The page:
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The Unknown Warrior - Watercolour of H.M.S. Verdun, 1919
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The Unknown Warrior - Watercolour of H.M.S. Verdun, 1919

Measurements: Overall: 14.7cm (5.75in) x 24cm (9.5in)

£1275

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Watercolour on paper. Port bow view of the V-class destroyer H.M.S Verdun. Signed and dated  lower right  ‘Colin Gray / 1919’. Contained in a silver frame hallmarked Birmingham 1916, and inscribed ‘H.M.S Verdun, April 2nd 19’.
 
H.M.S. Verdun was launched in 1917 and named for the heroic defence of Verdun by the French in 1916. She served with the Thirteenth Destroyer Flotilla in the Grand Fleet. In November 1918 under the terms of the Armistice, she participated in Operation ZZ and formed part of the combined Allied fleet that led the German High Seas Fleet into captivity at Scapa Flow. She also led H.M.S. Oak, with King George V, Queen Mary and the Prince of Wales on board, through the interned German fleet. In November 1920 Verdun was selected in tribute to the French to carry the Unknown Warrior across the English Channel. While berthed at the Quai Carnot at Boulogne-sur-Mer on 10 November 1920, Marshal Foch made a speech on the dockside before the White Ensign was lowered to half mast while the coffin was carried up the gangplank and piped aboard with an admiral's salute. An escort of six battleships accompanied Verdun through the mist to Dover where six senior officers from the three Armed Services bore the coffin ashore. The Unknown Warrior was taken by train to London for burial the following day at Westminster Abbey.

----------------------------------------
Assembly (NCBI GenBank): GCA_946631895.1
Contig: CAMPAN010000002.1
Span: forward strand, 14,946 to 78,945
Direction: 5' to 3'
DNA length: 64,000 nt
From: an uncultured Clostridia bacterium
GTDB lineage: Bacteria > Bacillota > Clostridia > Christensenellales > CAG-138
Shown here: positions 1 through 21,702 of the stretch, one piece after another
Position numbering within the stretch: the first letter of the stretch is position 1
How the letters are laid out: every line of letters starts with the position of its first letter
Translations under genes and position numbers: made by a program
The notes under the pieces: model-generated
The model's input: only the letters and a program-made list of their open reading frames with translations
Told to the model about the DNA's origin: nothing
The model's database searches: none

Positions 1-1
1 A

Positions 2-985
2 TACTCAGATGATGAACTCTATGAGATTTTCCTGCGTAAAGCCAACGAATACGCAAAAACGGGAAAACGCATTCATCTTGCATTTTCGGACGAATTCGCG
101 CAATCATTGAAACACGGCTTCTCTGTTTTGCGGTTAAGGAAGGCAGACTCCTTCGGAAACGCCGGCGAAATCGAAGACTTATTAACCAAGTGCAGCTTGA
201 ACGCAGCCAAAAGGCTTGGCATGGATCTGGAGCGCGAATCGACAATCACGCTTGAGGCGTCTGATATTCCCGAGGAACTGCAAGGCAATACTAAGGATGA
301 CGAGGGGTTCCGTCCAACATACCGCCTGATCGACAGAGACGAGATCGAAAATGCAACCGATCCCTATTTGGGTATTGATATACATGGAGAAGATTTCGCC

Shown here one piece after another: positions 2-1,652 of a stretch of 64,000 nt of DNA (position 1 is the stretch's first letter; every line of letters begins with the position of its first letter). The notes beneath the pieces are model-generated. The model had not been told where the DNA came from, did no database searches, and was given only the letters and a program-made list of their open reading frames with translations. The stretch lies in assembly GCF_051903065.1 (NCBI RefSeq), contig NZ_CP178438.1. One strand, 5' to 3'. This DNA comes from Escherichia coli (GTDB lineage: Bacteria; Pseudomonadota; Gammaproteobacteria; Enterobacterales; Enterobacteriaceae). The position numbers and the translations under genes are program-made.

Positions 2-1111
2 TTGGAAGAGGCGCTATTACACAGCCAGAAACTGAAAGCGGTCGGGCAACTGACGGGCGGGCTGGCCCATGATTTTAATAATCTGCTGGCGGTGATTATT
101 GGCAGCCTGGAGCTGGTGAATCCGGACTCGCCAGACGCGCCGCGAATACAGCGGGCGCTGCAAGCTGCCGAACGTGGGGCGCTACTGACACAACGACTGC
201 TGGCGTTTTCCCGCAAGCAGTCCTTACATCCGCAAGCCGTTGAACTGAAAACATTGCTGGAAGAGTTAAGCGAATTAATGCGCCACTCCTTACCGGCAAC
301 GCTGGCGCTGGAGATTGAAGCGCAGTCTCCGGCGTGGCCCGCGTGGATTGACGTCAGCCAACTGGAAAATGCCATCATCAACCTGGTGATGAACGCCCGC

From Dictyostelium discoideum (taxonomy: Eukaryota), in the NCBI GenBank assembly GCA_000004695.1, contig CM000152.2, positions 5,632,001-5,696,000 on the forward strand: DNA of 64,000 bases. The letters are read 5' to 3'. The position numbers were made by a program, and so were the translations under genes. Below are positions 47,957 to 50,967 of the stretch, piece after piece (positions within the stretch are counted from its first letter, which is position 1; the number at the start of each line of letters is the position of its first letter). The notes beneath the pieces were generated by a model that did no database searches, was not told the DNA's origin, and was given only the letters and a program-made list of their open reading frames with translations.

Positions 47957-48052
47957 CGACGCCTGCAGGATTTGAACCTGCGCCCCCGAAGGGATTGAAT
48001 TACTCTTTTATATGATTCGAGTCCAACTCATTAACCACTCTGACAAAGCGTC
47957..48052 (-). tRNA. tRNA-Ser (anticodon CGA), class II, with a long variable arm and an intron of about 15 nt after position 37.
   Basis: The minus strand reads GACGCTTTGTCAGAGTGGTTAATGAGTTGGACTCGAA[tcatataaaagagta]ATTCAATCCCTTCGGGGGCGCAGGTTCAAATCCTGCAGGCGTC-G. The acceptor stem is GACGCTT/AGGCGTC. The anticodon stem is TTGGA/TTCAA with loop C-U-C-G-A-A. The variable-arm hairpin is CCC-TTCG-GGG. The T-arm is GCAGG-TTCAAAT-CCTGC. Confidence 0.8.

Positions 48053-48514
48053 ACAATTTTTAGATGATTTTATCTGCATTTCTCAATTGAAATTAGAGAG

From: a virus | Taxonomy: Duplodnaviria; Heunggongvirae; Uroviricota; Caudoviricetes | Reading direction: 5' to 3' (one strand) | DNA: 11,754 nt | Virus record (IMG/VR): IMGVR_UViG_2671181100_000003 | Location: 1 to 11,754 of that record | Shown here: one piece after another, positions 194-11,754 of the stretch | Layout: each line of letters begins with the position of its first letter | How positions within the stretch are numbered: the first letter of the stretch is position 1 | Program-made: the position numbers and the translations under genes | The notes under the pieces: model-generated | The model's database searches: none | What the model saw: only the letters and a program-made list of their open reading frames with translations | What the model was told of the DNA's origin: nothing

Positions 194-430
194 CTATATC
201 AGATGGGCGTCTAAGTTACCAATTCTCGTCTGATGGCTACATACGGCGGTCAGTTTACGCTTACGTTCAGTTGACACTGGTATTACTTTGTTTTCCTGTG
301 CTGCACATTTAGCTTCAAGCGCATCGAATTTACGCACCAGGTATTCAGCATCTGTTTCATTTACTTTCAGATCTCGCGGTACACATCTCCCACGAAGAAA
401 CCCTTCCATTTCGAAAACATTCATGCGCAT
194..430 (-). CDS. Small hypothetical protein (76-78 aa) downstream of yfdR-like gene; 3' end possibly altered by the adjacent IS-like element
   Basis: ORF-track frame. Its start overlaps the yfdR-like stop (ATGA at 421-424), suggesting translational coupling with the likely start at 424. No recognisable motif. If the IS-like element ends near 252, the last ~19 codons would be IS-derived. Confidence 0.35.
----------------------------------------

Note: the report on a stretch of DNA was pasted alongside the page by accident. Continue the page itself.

H.M.S. Verdun went into reserve at Rosyth as part of the Ninth Destroyer Flotilla until September 1939, when she was converted into an anti-aircraft escort. On 1 November 1940 she was bombed with eleven dead including her captain. She afterwards served with the Harwich Force escorting convoys along the east coast. In November 1941 an attack by German E-boats sunk three British merchant ships in her convoy.  In early 1942 she formed part of the escort screen for heavy units of the Home Fleet supporting the Arctic convoys. Verdun was placed in reserve after V.E. Day and scrapped in 1946. Her ship's bell now hangs on a column in Westminster Abbey, close to the Tomb of the Unknown Warrior. 
 

 

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